Sunday, August 14, 2016

Review of Bamboo People by Mitali Perkins

It’s hard enough being a teenage boy, but to be living in a war-torn country, where your mortal enemies destroy your village and the lives of your people and you are expected to make the decision of your life and the life of one of your enemies. . . all bets are off.

Chiko, a peace-loving Burmese boy, who worries about his mother at home, and his father in prison, is kidnapped by his own people and forced into the army. There, he befriends a street boy, Tai, who shows him how to survive in unbearable circumstances. In exchange, Chiko teaches him how to read and write.

But their trials never end and Tai always takes the punishments for Chiko, until that fateful day, when the commander orders Tai to become a mine clearer and Chiko volunteers for the dangerous duty because Tai must save his sister. Chiko steps on a land mine and is found by Tu Reh, a Karenni boy, who fights against the Burmese army. Tu Reh’s father leaves him to make the decision concerning Chiko’s life and he decides to take him to the local healer.

Mitali Perkins & Gayle C. Krause
Too severely injured, he must be taken to the Karenni village, where the doctor will amputate his infected leg. But the Karenni do not believe Chiko is an innocent boy. Tu Reh must convince the village council that Chiko is not a spy. Ultimately, the Doctor takes him to a clinic to get a prosthesis and he is sent back home to his mother, his friend Tai, and the love of his life, Lei. To make for a happy ending, his father is also released from jail.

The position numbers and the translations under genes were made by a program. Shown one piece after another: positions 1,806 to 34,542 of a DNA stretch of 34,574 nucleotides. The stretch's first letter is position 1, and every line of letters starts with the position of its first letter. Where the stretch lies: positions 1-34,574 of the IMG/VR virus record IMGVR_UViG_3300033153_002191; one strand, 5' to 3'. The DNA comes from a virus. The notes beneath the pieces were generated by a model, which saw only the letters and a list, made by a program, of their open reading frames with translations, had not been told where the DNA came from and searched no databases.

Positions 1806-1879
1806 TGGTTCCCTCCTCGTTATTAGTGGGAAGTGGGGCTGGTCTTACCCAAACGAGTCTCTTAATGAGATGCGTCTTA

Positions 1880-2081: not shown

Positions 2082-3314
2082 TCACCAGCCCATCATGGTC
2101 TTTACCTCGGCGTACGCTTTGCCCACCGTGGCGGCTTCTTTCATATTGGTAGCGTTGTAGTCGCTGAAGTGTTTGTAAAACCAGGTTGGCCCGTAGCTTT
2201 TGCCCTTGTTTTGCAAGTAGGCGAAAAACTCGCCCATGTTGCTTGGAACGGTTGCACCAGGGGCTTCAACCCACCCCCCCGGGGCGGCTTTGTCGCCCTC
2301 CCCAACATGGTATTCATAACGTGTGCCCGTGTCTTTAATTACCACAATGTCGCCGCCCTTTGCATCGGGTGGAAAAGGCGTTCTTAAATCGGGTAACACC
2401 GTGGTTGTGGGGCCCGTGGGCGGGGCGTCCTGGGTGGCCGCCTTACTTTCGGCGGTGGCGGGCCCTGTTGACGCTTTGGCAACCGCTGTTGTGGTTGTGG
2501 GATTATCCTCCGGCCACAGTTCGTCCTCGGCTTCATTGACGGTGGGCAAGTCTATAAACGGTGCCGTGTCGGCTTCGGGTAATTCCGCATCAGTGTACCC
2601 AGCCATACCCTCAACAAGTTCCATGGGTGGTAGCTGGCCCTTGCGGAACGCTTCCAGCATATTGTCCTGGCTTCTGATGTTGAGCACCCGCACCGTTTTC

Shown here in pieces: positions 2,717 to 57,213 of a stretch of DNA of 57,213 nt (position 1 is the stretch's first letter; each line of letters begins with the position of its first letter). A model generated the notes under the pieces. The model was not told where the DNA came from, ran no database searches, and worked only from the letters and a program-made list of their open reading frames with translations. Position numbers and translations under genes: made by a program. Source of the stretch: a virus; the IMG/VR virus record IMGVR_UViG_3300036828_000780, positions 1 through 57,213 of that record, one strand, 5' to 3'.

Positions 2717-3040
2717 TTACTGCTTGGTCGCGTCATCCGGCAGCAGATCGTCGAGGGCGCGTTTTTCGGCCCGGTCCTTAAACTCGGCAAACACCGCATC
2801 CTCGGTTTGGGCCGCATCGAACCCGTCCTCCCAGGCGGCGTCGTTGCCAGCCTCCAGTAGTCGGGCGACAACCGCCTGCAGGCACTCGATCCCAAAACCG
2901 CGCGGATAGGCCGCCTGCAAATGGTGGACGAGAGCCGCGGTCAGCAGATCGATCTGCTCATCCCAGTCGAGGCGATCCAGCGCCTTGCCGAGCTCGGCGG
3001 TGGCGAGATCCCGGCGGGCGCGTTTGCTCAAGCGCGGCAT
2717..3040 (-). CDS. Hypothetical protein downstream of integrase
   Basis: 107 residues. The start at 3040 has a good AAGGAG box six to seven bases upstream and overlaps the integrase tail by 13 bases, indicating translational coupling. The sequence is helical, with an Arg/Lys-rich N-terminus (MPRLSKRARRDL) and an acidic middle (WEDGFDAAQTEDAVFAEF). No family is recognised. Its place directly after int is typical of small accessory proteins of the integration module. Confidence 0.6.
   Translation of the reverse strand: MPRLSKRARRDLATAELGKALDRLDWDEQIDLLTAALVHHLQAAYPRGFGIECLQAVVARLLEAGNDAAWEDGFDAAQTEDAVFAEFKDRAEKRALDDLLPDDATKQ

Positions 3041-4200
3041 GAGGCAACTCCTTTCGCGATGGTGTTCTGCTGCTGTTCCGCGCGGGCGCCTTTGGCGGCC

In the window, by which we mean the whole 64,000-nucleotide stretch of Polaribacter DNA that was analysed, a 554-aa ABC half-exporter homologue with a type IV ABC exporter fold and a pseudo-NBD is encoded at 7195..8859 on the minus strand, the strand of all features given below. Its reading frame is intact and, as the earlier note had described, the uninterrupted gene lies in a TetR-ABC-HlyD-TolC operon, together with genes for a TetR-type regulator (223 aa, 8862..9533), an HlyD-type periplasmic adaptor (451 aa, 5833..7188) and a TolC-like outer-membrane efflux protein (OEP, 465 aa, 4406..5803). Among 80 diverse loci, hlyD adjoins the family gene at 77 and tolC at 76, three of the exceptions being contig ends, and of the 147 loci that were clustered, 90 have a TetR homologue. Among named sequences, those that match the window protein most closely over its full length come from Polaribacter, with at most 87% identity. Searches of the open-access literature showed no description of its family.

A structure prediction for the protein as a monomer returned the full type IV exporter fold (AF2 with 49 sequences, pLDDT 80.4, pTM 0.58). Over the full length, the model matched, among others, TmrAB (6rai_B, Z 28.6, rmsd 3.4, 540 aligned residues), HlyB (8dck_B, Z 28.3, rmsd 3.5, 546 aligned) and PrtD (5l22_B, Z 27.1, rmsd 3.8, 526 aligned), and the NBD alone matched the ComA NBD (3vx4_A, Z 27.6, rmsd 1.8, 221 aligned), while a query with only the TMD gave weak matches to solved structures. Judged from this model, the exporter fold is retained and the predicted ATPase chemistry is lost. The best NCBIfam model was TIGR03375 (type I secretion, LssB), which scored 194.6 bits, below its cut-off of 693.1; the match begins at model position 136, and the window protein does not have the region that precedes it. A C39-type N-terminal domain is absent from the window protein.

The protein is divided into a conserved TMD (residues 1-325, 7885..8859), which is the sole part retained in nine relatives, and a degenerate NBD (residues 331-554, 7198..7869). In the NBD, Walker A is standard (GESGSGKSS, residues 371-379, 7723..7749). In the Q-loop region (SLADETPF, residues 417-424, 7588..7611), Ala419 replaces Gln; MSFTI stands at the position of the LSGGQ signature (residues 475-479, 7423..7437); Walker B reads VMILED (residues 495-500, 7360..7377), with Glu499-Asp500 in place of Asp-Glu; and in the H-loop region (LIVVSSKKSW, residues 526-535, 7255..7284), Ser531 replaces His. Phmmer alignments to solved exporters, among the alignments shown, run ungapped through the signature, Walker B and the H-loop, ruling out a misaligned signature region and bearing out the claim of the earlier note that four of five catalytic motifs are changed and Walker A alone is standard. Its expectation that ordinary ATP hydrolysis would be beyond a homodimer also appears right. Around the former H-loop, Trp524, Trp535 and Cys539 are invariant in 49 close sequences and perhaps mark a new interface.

Written in two POV’s, this is an interesting cultural story that brings to light the issues of human rights in Burma/Myanmar.

I met Mitali last month at the Highlights Foundation Summer Camp.

3 comments:

  1. Thanks for sharing this insightful review of Bamboo People. Such an important and timely story! I haven't read it, but it's definitely on my list now.

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  2. Thanks for stopping by, Clara. Metal did a wonderful job portraying the coming of age of two boys who were supposed to be enemies, but found a greater good in each other. :)

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  3. nice review, Gayle. It's still on my TBR shelf, but now I know what the main points are!

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